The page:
3 years ago

Rutgers Model United Nations - IDIA

Rutgers Model United Nations - IDIA


Rutgers Model United Nations 19 services, whether the result of confusion regarding citizenship laws or an outright attempt by a nation to deprive a particular population of rights, results in stateless populations’ being unable to improve their standing in any way. Stateless people are also, in many cases, denied the ability to work, which means that even if they could access the basic services mentioned above, they would still be unable to afford them. Several cases of statelessness were the result of State’s economic fears, largely based on fears that migrant workers granted semi-citizenship were “polluting” the local gene pool or that land claimed by immigrants could be better used by the State. Regardless of why the population within the nation was stripped of its citizenship, the economic impact on the population is so drastic that it has caused most stateless people to fall into all three of the World Bank’s dimensions of poverty. 62 The coupling of inaccessible services and a non-existent income results in stateless populations being unable to survive, no matter how hard they work. Given that stateless people are also unable to affect the government that has caused them to be stateless implies that their situation will not improve until international action is taken. This means that the lack of access to services and the inability to earn a livable wage will only continue to get worse unless States take the necessary steps and begin to provide for the subsequent stateless populations throughout the world. Conclusion The problem of subsequent statelessness is is created by sovereign nations throughout the world. Often stripped of citizenship as the result of political tension, stateless people are unable to make any change in a government because there is no government that is theirs’. The history surrounding subsequent statelessness provides clear examples of how people once afforded the rights of citizenship have been placed in destitute situations without any way to improve their standing. The problem is partially contained by states that are sympathetic to stateless people, but other nations exacerbate the problem by continuing to deny citizenship to particular portions of the population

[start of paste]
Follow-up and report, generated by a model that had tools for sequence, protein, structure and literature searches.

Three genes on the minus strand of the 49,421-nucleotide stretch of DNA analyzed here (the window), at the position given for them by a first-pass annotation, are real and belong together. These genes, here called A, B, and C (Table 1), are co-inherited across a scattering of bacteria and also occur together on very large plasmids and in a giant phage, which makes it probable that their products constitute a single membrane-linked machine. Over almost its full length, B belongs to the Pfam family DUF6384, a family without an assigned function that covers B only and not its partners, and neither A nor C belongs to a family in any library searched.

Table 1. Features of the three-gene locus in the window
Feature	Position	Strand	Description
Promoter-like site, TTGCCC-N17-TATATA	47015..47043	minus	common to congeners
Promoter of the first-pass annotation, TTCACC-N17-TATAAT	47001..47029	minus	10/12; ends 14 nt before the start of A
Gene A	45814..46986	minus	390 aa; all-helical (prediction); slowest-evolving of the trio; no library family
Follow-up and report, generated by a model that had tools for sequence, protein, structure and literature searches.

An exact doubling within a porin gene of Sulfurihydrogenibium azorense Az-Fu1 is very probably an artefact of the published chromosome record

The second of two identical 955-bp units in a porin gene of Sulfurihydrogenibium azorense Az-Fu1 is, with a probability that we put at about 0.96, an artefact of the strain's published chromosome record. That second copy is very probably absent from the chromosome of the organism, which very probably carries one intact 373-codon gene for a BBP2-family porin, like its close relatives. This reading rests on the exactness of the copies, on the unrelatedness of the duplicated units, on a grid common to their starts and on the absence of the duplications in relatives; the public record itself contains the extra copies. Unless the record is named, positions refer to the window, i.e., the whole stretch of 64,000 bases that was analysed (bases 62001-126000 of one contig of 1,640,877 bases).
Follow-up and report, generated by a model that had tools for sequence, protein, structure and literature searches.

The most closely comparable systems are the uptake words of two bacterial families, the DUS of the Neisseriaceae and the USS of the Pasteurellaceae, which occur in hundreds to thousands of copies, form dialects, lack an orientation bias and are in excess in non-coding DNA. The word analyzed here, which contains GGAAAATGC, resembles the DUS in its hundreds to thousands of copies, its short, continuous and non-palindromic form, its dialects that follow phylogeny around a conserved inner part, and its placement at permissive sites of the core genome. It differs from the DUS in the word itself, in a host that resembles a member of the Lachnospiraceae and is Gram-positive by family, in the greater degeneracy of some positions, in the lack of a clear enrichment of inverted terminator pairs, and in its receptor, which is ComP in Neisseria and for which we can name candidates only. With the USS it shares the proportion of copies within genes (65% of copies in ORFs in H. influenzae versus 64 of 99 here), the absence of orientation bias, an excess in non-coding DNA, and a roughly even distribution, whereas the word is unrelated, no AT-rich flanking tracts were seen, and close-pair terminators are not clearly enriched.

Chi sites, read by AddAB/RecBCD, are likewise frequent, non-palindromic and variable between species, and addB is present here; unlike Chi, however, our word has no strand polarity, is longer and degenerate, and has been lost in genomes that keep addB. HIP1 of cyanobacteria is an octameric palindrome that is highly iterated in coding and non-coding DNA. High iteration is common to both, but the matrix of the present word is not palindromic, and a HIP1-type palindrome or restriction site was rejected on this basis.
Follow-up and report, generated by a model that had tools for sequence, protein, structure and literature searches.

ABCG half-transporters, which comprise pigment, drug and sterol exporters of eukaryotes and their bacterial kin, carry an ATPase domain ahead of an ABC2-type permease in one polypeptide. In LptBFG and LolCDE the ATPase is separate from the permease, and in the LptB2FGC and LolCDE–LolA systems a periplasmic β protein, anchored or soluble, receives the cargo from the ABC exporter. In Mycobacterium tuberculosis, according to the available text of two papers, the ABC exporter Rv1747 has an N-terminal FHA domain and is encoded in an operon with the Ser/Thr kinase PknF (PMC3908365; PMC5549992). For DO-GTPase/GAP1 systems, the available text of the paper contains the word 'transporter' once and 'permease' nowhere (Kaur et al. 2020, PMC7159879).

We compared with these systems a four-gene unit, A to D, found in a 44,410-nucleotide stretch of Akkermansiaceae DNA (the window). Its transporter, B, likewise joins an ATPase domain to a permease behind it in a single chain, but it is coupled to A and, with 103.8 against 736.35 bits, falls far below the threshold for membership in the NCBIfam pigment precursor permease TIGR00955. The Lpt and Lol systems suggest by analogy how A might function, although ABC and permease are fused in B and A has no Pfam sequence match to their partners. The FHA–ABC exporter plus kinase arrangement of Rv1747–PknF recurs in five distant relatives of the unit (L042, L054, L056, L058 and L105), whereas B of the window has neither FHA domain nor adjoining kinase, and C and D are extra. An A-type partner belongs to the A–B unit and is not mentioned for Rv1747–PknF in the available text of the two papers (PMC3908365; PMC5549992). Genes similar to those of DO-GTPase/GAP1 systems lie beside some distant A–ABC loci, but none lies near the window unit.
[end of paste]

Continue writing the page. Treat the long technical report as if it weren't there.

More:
Rutgers Model United Nations 20 within their borders. The states that continue the problem, largely do so because of political tensions with the population in question and for economic or nationalistic reasons. Regardless of why a population lost its citizenship, however, a continued status of statelessness will result in people who are already in the direst of circumstances being completely unable to provide for themselves, their children, or their future. 62 Ibid., 13, 20.

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